Just when the series was on the verge of being lost, New Zealand came alive, winning the third T20I and ensuring that the fans did not have to go through the agony of watching dead rubbers.
It still wasn’t their best performance – at least not with the bat – yet they got the win, which matters the most. They owed everything to a pair of batters and a pair of bowlers.
First up was the pairing of Henry Nicholls and Tom Blundell, who rescued the Kiwi batting from 62-5 in the 11th over to 128-5 by the end of 20th.
Then, it was the spin duo Ajaz Patel and Cole McConchie, who shared seven wickets between themselves to give Bangladesh a taste of their own medicine.
The Black Caps are back in the series but it does not in any way mean that they are not susceptible to meltdowns. Truth be told, such has been the state of wicket during this series that any batting unit can collapse regardless of their talent and resolve.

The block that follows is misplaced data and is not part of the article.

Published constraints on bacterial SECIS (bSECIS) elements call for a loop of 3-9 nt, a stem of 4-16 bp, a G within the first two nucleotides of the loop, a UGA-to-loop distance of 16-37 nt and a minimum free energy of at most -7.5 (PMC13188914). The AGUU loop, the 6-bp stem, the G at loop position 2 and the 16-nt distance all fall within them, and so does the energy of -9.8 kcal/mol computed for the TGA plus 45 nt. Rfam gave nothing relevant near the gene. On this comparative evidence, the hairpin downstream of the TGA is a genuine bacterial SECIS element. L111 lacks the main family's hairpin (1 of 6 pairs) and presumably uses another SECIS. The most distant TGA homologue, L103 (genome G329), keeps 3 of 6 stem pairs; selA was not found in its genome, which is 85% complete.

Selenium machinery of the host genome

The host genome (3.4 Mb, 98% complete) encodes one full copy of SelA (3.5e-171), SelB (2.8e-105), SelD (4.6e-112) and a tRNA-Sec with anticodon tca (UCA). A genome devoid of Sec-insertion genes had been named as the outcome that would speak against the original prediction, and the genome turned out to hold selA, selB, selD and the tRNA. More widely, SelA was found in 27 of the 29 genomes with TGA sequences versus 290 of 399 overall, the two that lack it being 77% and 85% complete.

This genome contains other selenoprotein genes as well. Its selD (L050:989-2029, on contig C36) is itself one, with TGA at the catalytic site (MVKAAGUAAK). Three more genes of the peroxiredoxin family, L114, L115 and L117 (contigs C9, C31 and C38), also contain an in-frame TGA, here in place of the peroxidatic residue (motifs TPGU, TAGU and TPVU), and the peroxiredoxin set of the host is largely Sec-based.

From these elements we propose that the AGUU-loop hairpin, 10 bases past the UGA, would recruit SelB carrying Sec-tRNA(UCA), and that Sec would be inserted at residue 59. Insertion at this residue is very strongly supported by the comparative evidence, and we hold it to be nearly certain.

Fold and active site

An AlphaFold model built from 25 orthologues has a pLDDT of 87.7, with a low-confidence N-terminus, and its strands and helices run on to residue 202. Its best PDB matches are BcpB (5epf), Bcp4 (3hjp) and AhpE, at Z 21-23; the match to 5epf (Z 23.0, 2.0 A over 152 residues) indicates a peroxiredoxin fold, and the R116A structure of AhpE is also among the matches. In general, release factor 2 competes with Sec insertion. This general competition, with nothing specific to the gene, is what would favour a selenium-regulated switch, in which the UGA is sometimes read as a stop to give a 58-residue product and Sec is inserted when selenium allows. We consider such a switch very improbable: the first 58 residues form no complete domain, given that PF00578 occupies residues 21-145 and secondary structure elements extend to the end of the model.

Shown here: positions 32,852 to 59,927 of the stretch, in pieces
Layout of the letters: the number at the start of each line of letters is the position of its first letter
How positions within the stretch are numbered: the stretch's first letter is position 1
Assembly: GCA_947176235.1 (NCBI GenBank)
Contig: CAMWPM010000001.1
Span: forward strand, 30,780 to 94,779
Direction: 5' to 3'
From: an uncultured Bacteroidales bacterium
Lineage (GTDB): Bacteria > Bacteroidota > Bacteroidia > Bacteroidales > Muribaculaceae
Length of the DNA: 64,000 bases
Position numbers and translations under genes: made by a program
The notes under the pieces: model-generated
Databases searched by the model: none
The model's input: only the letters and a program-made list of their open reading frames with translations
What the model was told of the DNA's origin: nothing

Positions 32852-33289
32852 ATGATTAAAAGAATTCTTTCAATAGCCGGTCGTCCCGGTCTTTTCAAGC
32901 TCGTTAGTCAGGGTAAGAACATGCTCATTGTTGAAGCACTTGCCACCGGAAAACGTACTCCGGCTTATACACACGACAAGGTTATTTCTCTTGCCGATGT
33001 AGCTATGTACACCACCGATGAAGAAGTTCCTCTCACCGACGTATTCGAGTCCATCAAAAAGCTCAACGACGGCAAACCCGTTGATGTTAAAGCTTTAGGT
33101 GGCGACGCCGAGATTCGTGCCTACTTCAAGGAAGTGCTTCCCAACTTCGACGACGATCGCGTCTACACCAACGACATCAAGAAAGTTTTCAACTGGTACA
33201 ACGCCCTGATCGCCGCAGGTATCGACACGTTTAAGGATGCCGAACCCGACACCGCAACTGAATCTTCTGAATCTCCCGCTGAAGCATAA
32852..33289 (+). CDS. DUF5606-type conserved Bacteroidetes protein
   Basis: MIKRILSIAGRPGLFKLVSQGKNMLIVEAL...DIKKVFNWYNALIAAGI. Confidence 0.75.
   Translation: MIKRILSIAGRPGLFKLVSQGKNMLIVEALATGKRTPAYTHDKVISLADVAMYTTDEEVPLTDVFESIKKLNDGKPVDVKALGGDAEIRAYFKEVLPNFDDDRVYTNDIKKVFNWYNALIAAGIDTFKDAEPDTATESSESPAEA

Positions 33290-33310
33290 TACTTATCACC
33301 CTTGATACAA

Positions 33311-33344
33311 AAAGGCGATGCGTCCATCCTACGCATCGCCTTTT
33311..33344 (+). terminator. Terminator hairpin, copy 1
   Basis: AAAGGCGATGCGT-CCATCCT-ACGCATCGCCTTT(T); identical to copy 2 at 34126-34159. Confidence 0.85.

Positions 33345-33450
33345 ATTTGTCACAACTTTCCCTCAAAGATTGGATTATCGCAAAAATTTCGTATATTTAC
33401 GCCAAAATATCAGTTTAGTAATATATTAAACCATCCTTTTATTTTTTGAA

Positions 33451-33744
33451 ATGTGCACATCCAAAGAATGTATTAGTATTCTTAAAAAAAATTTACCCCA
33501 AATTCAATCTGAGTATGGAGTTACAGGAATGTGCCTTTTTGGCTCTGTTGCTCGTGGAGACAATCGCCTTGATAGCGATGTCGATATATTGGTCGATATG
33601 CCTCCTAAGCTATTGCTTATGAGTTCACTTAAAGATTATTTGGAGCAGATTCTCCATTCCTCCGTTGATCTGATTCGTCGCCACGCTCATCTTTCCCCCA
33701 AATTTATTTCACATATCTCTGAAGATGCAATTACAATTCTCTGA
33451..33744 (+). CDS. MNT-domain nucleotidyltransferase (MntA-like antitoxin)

As mentioned above, Bangladesh were served a taste of their own medicine and they must not have liked how bitter it was.
Their plan for these pre-World Cup home series against Australia and New Zealand was to prepare the most spin-friendly of pitches as possible. The plan was working perfectly as they had lost just one of their last seven T20Is up until the last game when New Zealand learned the trick for themselves.
The two-headed spin monster of Patel and McConchie wreaked havoc, sending batsman after batsman from the hosts’ line-up in a spin (pun intended) and inflicting on their hosts the ignominy of being bundled out for a mere 76 runs at home.
Patel, in particular, was unplayable at times as he picked up four wickets – all of recognized batsmen – for just 16 runs. McConchie cleaned up the lower-order batsmen as the Tigers exited the match with their tails between their legs.
For the first time in a while, the hosts have a real problem to resolve – a problem that they created themselves.